After Airbus won a tense battle against Boeing for the business of Japan's 2nd largest airline last year, the firm's chief financial officer told CNBC Airbus was just "better."
Japan Airlines announced its first jet order for Airbus in October for 31 A350 aircraft worth $9.5 billion, breaking into an aviation market which had been dominated by rival Boeing.
"We needed a successor to our largest aircraft, the 777. When we compared what both Boeing and Airbus had to offer, Airbus was better," managing executive officer of finance & accounting Norikazu Saito told CNBC. "It may have been a disappointment to Boeing, but they of course understand that business is business."
Saito told CNBC that the biggest payoff from working with Airbus would be increased economic efficiency, although there would be some complications with owning two different brands of aircraft.
"Pilots need to have different licenses; you need to have spare parts for both manufacturers. But even taking all those things into account, Airbus was the better choice," he said.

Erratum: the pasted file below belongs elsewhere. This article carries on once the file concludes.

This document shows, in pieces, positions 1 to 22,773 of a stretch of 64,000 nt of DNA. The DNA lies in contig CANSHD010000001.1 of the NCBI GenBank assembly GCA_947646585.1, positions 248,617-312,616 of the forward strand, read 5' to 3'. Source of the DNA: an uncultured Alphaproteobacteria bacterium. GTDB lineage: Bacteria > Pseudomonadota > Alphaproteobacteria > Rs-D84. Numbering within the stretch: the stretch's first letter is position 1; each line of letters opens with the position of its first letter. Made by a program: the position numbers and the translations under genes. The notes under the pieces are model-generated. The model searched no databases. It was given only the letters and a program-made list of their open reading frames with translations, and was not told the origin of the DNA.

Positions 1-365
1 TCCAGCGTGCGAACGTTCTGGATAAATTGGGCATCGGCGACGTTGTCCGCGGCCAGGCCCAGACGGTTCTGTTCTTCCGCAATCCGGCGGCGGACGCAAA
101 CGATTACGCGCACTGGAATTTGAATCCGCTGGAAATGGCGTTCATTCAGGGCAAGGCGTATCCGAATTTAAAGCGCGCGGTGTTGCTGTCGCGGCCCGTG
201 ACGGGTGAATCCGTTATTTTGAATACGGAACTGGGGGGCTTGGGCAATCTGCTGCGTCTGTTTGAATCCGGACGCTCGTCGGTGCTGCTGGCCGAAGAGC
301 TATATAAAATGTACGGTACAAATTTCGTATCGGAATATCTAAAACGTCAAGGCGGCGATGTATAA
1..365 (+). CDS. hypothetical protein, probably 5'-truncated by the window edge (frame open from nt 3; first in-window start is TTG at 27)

JAL faced some negative publicity earlier in the year when it temporarily grounded one of its Boeing 787 Dreamliners at Tokyo's Narita International Airport in mid-January, after white smoke was spotted outside the plane and a battery cell showed clear signs of leaking.
Saito told CNBC the incident was still under investigation. "Fortunately, compared to last year - when the batteries heated up so much that it was virtually impossible to look inside them - this time the batteries are intact. That allows us to conduct a very detailed investigation," he told CNBC.
Based on the article “Japan Airlines CFO: Airbus was just 'better'” published in CNBC